The opinion of the court was delivered by: Judge Robert M. Dow, Jr.
MEMORANDUM OPINION AND ORDER
This lawsuit arises out of a series of motor vehicle accidents that occurred on an Indiana highway during a snowy morning in February, 2009. Before the Court is a motion for partial summary judgment  filed by Plaintiffs Victor Mitkal and Mary Anne Mitkal (collectively "Plaintiffs"). Plaintiffs ask the Court to find that Illinois law controls with respect to the allocation of fault to non-parties and the application of the collateral source rule to evidence regarding damages, that United Parcel Service, Inc., (incorrectly sued as United Parcel Service Co. ("Defendant")) is liable, and that Defendant's driver's conduct was willful and wanton as a matter of law. In this order, the Court takes up only the first part of Plaintiffs' motion, and holds that Indiana law governs this action.*fn1 Accordingly, Plaintiffs' motion  is denied in part.
Defendant's motion to file a surreply, instanter  is granted.
The facts relevant to the choice of law analysis are not in dispute. On the morning of February 3, 2009, Victor*fn2 and Marry Anne Mitkal were involved in a series of accidents that occurred on Interstate 65 in Boone County, Indiana. Boone County is situated along the outskirts of Indianapolis. Victor was driving and Mary Anne was in the passenger seat. Snow was falling and accumulating on the roadway. Visibility was limited to 500 feet.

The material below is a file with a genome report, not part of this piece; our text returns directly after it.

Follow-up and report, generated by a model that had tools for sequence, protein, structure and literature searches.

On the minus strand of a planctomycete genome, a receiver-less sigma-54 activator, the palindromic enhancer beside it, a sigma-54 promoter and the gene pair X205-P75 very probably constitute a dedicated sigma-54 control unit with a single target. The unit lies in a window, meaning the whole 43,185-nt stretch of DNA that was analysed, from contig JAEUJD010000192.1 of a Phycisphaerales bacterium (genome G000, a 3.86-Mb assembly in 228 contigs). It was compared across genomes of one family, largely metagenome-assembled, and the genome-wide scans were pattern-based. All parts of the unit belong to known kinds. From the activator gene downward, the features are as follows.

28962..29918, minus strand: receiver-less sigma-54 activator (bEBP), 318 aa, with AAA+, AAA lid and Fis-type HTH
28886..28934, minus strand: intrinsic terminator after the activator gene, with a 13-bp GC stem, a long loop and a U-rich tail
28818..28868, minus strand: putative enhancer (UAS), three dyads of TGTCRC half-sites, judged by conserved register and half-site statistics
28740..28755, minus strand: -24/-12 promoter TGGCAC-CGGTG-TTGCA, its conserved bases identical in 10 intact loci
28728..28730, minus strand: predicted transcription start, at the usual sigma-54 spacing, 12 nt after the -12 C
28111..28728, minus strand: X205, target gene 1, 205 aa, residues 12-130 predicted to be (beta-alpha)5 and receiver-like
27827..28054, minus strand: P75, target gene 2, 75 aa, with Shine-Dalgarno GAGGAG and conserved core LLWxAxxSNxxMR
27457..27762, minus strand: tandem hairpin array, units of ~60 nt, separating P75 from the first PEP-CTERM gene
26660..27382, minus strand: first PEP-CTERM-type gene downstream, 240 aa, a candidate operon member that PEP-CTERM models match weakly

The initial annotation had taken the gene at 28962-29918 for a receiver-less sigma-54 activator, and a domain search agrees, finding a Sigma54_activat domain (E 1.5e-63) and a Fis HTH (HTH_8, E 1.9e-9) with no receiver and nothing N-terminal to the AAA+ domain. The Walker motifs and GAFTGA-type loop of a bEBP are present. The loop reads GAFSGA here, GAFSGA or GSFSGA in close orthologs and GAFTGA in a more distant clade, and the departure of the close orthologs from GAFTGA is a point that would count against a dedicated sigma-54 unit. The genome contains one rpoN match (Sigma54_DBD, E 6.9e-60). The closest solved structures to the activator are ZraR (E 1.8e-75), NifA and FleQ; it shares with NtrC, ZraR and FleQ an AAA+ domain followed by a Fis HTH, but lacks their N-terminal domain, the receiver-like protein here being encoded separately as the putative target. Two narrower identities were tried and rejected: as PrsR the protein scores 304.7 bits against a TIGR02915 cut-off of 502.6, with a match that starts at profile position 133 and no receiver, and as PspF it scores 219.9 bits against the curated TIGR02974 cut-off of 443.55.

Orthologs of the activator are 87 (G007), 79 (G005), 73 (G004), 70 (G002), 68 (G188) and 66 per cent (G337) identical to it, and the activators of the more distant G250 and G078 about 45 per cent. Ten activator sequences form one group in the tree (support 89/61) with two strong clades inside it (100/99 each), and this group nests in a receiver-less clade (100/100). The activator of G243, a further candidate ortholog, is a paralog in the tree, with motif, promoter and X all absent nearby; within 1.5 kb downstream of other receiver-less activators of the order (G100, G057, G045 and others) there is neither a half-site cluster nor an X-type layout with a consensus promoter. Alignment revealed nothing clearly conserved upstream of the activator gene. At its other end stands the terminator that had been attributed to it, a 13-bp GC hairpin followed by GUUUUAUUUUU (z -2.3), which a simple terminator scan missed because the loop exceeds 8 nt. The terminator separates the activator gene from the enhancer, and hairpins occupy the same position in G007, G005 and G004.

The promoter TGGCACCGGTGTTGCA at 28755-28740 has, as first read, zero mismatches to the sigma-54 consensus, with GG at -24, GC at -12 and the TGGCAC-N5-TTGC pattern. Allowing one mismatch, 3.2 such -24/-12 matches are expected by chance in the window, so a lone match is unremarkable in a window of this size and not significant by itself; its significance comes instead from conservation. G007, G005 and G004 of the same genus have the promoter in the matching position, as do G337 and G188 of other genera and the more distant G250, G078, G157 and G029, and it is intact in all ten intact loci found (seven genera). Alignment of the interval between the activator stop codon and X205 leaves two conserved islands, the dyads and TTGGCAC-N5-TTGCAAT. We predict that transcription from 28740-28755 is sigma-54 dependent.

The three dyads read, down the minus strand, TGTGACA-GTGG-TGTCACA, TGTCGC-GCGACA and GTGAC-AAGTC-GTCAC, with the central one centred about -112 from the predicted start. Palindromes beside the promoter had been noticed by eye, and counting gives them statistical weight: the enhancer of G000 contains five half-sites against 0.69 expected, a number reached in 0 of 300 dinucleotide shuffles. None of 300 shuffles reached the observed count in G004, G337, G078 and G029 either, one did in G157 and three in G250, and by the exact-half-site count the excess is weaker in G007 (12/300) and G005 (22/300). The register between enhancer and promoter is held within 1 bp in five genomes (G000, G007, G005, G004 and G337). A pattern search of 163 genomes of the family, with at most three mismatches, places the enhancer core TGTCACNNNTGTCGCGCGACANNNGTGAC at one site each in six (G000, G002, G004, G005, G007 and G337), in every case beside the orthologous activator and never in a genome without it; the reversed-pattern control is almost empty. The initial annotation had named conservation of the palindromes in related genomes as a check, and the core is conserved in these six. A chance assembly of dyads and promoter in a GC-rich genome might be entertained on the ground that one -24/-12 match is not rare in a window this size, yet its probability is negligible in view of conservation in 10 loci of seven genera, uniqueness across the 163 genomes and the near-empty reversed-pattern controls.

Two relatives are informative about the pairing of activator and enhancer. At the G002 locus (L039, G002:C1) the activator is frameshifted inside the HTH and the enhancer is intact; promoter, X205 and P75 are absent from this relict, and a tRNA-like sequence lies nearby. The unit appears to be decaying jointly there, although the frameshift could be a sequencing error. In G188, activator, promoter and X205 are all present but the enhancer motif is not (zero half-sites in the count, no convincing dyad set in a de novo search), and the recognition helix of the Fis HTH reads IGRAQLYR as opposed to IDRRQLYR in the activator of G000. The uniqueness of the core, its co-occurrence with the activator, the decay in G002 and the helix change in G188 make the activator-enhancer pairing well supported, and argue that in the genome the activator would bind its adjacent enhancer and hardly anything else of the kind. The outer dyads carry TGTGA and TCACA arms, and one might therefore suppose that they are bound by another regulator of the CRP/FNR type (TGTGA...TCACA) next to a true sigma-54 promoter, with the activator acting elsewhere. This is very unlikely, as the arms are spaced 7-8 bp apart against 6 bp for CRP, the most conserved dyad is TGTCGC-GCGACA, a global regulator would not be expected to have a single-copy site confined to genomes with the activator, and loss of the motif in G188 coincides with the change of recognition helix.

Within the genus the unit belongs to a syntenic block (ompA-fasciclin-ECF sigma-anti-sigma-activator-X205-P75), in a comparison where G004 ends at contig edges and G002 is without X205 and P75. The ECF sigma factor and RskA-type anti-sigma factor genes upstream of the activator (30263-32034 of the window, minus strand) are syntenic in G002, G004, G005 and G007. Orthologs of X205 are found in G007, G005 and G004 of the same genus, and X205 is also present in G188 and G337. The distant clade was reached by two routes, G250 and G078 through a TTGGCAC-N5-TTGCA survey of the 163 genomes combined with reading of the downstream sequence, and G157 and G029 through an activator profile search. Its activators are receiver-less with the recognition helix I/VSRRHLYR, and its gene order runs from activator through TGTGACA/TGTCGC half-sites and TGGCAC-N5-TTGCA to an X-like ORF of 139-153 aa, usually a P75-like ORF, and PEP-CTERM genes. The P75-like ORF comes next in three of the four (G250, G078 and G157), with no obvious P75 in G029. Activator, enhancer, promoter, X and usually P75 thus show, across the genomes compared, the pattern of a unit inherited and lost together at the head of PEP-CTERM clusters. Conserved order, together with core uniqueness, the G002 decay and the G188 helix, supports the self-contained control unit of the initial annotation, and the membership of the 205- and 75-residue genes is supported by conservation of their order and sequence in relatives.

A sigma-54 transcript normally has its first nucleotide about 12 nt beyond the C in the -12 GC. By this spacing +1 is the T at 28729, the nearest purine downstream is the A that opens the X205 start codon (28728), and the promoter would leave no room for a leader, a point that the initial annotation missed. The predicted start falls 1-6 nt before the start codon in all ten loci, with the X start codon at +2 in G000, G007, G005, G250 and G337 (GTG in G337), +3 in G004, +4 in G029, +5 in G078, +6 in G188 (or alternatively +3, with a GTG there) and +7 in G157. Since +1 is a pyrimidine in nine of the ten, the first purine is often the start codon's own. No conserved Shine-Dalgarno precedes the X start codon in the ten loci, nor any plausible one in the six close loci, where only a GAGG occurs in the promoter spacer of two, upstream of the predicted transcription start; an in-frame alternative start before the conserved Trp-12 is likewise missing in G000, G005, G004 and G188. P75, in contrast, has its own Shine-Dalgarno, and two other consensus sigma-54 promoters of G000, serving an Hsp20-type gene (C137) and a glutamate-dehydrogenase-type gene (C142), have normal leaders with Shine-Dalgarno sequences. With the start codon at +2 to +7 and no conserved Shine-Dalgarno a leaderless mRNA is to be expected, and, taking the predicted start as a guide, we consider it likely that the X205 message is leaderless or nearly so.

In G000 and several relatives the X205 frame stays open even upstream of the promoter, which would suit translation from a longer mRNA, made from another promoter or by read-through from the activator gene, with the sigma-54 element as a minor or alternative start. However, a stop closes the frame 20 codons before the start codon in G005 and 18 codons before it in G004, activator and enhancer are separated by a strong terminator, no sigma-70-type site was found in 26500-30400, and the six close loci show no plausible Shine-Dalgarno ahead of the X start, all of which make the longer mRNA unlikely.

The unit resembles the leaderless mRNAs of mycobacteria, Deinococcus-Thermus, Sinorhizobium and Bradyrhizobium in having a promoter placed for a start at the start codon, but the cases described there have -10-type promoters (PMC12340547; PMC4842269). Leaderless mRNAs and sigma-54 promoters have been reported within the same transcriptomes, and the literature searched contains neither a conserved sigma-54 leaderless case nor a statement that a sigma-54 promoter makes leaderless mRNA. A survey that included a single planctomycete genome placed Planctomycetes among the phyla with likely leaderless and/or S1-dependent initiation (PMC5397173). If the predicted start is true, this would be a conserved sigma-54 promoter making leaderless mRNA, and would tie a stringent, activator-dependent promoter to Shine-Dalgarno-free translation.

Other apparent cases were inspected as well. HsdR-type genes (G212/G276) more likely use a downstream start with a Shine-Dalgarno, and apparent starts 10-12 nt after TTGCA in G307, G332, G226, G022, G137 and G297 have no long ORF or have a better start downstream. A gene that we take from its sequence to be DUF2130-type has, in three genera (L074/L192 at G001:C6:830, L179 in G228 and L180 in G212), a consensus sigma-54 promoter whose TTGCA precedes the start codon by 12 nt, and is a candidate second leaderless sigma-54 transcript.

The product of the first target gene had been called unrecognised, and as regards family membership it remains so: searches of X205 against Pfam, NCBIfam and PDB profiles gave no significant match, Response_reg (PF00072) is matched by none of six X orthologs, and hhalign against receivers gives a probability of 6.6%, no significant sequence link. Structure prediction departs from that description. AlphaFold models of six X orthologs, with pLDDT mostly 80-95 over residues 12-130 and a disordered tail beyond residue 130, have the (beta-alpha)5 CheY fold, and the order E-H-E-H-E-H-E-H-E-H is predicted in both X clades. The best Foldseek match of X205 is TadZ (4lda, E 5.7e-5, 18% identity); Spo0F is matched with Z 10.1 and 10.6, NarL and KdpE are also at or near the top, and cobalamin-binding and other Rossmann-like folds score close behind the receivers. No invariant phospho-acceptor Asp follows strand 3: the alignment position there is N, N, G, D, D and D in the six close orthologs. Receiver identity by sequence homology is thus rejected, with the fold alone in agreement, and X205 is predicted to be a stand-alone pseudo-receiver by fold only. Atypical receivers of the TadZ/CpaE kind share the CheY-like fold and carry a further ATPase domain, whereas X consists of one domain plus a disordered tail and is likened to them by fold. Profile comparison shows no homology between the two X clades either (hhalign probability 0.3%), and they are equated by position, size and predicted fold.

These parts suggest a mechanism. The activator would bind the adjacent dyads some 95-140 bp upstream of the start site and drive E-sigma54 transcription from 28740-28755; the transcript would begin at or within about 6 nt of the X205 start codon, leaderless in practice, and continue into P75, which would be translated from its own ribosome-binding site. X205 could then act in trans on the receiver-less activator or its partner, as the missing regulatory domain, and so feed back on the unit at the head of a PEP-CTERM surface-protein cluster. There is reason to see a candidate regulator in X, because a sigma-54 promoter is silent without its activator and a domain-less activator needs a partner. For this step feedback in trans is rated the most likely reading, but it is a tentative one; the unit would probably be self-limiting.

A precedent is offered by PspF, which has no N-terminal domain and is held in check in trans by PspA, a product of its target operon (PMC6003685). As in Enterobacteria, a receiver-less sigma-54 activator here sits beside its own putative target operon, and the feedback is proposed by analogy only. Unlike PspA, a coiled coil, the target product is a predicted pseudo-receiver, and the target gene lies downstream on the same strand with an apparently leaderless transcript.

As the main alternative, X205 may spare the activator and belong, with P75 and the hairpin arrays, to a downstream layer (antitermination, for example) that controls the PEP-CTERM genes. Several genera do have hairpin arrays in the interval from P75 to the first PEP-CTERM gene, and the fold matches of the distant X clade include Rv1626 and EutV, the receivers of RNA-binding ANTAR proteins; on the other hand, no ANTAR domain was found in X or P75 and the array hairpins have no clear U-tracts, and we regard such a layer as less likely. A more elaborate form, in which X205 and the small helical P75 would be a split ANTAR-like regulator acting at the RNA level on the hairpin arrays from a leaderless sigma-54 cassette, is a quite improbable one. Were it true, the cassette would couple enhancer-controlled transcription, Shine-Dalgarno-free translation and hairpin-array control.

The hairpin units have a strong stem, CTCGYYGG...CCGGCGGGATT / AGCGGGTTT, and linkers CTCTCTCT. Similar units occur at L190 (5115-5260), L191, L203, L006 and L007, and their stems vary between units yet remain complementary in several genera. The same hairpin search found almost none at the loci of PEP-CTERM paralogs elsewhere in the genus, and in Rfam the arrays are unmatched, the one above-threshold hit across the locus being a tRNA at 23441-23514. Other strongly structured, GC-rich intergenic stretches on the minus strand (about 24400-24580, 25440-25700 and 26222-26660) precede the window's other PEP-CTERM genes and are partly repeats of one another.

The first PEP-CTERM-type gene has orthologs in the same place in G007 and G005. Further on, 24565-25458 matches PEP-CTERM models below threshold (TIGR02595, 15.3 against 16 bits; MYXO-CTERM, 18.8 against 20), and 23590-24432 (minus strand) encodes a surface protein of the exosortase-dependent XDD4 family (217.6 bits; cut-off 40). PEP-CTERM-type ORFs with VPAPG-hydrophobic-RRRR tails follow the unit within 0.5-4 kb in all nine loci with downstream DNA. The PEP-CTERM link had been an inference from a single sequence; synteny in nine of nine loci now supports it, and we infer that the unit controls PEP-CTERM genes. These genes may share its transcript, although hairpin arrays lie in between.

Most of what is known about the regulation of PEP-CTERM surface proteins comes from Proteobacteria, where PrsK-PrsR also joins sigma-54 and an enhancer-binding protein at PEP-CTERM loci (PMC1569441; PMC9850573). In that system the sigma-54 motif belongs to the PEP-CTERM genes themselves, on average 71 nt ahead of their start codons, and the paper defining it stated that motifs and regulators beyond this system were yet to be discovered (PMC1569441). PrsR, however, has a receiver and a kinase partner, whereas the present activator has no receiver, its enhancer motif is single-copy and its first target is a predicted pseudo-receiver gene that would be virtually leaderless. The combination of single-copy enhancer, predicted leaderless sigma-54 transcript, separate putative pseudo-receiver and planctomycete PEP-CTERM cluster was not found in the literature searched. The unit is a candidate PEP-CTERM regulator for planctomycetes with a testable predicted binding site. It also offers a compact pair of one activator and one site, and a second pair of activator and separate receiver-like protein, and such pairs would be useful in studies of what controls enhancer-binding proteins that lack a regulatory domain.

The two accidents involving Plaintiffs occurred in short succession. At 8:38 a.m., a southbound truck driven by non-party David Cole attempted to stop (for another accident ahead on the road), slid on the slippery road, and jack-knifed on the median, leaving the truck's tractor in the left southbound lane. Victor, who was driving behind Cole's truck, tried to move over to the right but lost control of his van. Plaintiffs' van spun around and struck Cole's trailer, veered right to hit the right guardrail, and came to rest on the right shoulder within inches of the right guardrail. The car had spun completely around and had come to rest with the front of the car pointing south. Victor exited the van out of the left, drivers' side door.